Bishop supports campaign for a more sustainable approach to flower arranging
THE campaign for churches to take a more sustainable approach to flower arranging and to stop using floral foam – often sold as Oasis – in displays was supported by the Bishop of Dudley, the Reverend Martin Gorick.
The Bishop, an avid avid gardener, used a website conversation with Prince of Wales florist Shane Connolly to highlight the environmental dangers of the micro-plastics from which moss is made.
Bishop Gorick said: âLike many, I love to see flower arrangements in church and always admire the ingenuity and skill of flower arrangers; however, I have recently been made aware of the damaging impact of floral foam.
âAs a diocese, we are committed to playing our part in the fight against the climate crisis, and stopping the use of floral foam is a change we can make in the fight to reduce single-use plastics. The Royal Horticultural Society has now banned floral foam in its displays at shows, such as Chelsea and Malvern, and I urge churches to take the lead in this area as well to ensure that our wonderful flower displays are as sustainable as possible.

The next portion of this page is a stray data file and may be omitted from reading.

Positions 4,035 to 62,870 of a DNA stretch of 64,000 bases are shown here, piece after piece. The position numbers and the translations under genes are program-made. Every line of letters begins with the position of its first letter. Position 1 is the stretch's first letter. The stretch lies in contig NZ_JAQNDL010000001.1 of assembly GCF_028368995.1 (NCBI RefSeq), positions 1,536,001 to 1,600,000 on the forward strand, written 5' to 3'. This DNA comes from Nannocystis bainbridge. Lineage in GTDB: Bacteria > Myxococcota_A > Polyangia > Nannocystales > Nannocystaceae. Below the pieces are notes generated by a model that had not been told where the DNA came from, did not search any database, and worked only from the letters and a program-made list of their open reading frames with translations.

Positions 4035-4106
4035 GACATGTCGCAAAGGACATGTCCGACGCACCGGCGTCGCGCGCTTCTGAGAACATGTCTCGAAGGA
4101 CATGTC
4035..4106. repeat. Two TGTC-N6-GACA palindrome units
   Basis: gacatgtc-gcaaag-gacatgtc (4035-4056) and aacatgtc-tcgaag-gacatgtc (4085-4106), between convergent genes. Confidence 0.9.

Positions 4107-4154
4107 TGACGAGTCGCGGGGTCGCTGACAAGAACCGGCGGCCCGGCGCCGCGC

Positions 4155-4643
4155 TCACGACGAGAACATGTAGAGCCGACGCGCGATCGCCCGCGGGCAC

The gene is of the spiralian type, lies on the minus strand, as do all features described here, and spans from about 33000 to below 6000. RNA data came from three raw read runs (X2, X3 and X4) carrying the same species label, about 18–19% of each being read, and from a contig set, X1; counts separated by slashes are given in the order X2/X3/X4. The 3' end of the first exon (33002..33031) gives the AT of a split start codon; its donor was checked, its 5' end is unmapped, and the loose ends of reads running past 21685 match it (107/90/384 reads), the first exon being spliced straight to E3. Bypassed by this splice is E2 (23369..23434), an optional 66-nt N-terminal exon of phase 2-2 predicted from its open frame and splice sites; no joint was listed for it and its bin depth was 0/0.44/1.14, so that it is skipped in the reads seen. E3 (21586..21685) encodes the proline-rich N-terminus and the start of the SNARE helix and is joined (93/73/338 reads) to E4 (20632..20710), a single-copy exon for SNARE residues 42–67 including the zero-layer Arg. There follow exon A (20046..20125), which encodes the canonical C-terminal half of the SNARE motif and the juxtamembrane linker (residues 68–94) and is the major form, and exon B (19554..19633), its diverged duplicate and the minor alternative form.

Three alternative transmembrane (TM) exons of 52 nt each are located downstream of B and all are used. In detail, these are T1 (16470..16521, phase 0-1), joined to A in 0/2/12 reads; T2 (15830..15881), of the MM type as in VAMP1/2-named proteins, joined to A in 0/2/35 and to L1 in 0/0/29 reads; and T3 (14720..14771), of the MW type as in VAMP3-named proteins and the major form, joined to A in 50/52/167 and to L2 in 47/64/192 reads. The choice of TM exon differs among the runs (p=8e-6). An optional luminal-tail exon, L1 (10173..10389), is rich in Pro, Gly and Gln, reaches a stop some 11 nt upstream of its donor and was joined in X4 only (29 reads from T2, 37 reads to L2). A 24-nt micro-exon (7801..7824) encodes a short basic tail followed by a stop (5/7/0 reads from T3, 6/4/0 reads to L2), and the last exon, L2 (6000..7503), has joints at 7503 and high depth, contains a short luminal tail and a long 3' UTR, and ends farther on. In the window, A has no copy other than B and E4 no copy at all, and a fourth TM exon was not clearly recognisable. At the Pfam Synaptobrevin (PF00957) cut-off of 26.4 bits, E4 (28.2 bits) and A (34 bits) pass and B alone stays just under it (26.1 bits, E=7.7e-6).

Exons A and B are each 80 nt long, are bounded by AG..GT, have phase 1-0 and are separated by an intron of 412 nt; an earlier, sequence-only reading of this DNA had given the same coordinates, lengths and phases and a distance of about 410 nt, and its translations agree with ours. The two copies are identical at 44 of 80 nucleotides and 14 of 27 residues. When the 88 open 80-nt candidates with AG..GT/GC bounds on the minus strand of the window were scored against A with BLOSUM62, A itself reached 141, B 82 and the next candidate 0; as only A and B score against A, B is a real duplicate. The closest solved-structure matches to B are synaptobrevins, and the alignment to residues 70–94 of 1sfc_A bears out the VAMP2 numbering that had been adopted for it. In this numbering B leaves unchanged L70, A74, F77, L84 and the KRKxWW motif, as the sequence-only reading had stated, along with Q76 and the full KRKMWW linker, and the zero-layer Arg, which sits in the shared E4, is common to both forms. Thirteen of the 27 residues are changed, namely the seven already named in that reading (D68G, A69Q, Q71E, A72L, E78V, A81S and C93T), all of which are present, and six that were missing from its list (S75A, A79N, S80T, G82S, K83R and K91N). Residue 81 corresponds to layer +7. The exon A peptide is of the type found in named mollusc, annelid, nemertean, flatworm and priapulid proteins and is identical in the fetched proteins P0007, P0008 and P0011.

In his conversation, Mr. Connolly explains how floral foam is a by-product of the petrochemical industry. It easily crumbles into microscopic fragments which are not compostable. It is estimated that oases placed in cemetery compost heaps take up to 500 years to decompose and are still not biodegradable. The foam is usually soaked first, and the wastewater containing some of the microplastics is usually thrown down the sink or drain. This contaminates water sources and can eventually enter the human food chain.
He suggests church florists use deeper containers filled with chicken wire to support the large flowers – even regular buckets, which can be covered with ivy. The money saved by not using oasis could instead be spent on buying more suitable containers.
Along with alternatives to moss, Bishop Gorick’s conversation also explores the importance of using locally grown seasonal flowers in church displays, thereby avoiding the carbon footprint of cut flowers, such as roses, imported by air from sources as far away as Kenya.